What do you mean, here we are? An interview with co-curator Mariam Elnozahy

10 September '18

Header image: “What do you mean, here we are?” Photo by Andy Stagg courtesy of The Mosaic Rooms 6 July – 15 September


Coming to an end this week at the Mosaic Rooms is What do you mean, here we are? a retrospective of the renowned Townhouse Gallery in Cairo, Egypt. Founded in 1998, Townhouse emerged onto a scene dominated by the Egyptian Ministry of Culture and its private affiliates. As one of the first independent art spaces in Cairo, Townhouse has borne witness to an unusual and intriguing trajectory.

Through a series of visual, video material and sound art as well as pamphlets, catalogues and ephemera, this exhibition tells the story of Townhouse’s evolution from a modest start in the backstreets of downtown Cairo to its emergence at the centre of the regional contemporary art scene, and further across more recent periods of turmoil and re-configuration. The exhibition is the second in The Mosaic Rooms’ 10th Anniversary exhibition series which looks at modernist and contemporary art from Egypt, Iran and Morocco.

We were lucky enough to be shown round the exhibition by co-curator Mariam Elnozahy, who we interviewed about the exhibition, Townhouse’s place in the Egyptian art scene, and more.


Khaled Kaddal, Boundaries of a Multiverse, 2018. Multi channel installation. Photo by Andy Stagg courtesy of The Mosaic Rooms


The name of the exhibition, What do you mean, here we are? is taken from an interview with Townhouse’s co-founder and director William Wells. Can you explain the rationale behind the exhibition name, and how you worked in relation to it – did it proceed the selection, or illuminate your choices afterwards?

“What do you mean, here we are” is taken from this in Bidoun magazine, where the interviewer states: “Here we are” and William responds almost obstinately, “What do you mean, here we are.” I thought it was a catchy aphorism that spoke a lot to how we feel when people express shock or surprise that Townhouse is still operating. Given the tumultuous events of the past few years, and the volatile political climate in Egypt, people’s reactions to Townhouse are more often that of surprise than anything else. Because we were embarking on a retrospective in London, I wanted our exhibition title to challenge this “shock factor” or notion of “surprise” that many people have (and primarily foreign Westerners) at the existence and flourishing nature of an independent arts institution in Cairo.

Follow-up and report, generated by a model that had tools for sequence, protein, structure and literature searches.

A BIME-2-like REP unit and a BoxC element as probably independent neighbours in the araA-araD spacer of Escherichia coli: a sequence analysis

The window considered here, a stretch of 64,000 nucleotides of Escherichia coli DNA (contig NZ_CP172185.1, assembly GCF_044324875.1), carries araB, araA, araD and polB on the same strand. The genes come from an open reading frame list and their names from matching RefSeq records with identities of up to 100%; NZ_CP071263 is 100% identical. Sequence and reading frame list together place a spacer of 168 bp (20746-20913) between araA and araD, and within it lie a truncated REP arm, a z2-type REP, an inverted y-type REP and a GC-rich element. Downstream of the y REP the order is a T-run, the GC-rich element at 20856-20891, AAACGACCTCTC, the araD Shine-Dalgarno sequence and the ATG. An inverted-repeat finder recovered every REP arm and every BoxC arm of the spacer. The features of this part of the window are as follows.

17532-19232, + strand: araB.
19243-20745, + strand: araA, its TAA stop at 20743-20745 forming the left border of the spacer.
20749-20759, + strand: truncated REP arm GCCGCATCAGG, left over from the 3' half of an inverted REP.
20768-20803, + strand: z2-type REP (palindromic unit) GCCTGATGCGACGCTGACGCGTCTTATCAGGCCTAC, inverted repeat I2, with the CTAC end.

The Townhouse exhibition brings a very palpable sense of place from one building to another, and from one hectic city to another. How did you go about transposing the essence of Townhouse, and Cairo, onto that of Mosaic Rooms? Do you see much of Cairo in London?

Hmm Cairo in London…not at all! I feel like the only traces of similarities between Cairo and London are those that stem from the colonial encounter. As for transposing the essence of Townhouse to the Mosaic Rooms, we wanted to introduce the viewer to the neighbourhood and the area of Cairo in which we operate. The first room tries to transport the viewer to our reality in Cairo through Wouter and Elke’s legendary maquette and a series of videos that bring that maquette to life.


Model Citizens by artists Wouter Osterholt and Elke Uitentius. Photo by Andy Stagg courtesy of The Mosaic Rooms


Many of the artists featured in the exhibition have immensely benefitted from Townhouse as an incubation space; from having their first exhibition there, to being offered opportunities to experiment and grow as artists. Can you tell us more about what Townhouse currently offers to artists in Cairo and beyond? And what role do you think that Townhouse, and independent art spaces in general, have in today’s society?

Currently, Townhouse is working on opening a large number of studio spaces for both Egyptian and foreign artists. We also hold workshops, cultural programs, and educational programs for artists and non artists alike. Of course, we also offer exhibition spaces that can allow artists to work on very large scales, which is rare in Cairo.


How would you describe the current art scene in Cairo, and where does Townhouse fit into that?

The current independent arts scene in Cairo is as it has been for the past 20 years – raw, vibrant, surprising, and riddled with challenges! While there are many obstacles to overcome – from political, social, and economic obstacles to obstacles that deal with the personal and psychological intricacies of artistic production – there is a lot of work being produced that really pushes the envelope, and explores the bounds of creativity and imagination. At Townhouse, we work to remain as porous as possible so that the aforementioned sort of creativity and imaginative energies flow in and out of the space with ease.


“What do you mean, here we are?” Photo by Andy Stagg courtesy of The Mosaic Rooms 6 July – 15 September


This exhibition celebrates Townhouse’s rich, 20 year history. What do you see in the future for the gallery? And do you envision further collaboration with artists or institutions in the UK?

I would love to collaborate further with artists and institutions in the UK, and we have lots of ideas in the works right now! I think exchanges and traveling can be really valuable – especially outside of London – where I feel like there are large parallels that we can draw between the Egyptian and UK artistic and cultural communities.


What do you mean, here we are? runs until 15 September at the The Mosaic Rooms, Tower House, 226 Cromwell Road, London SW5 0SW (free entry). Check out their fantastic programme for the rest of the year here.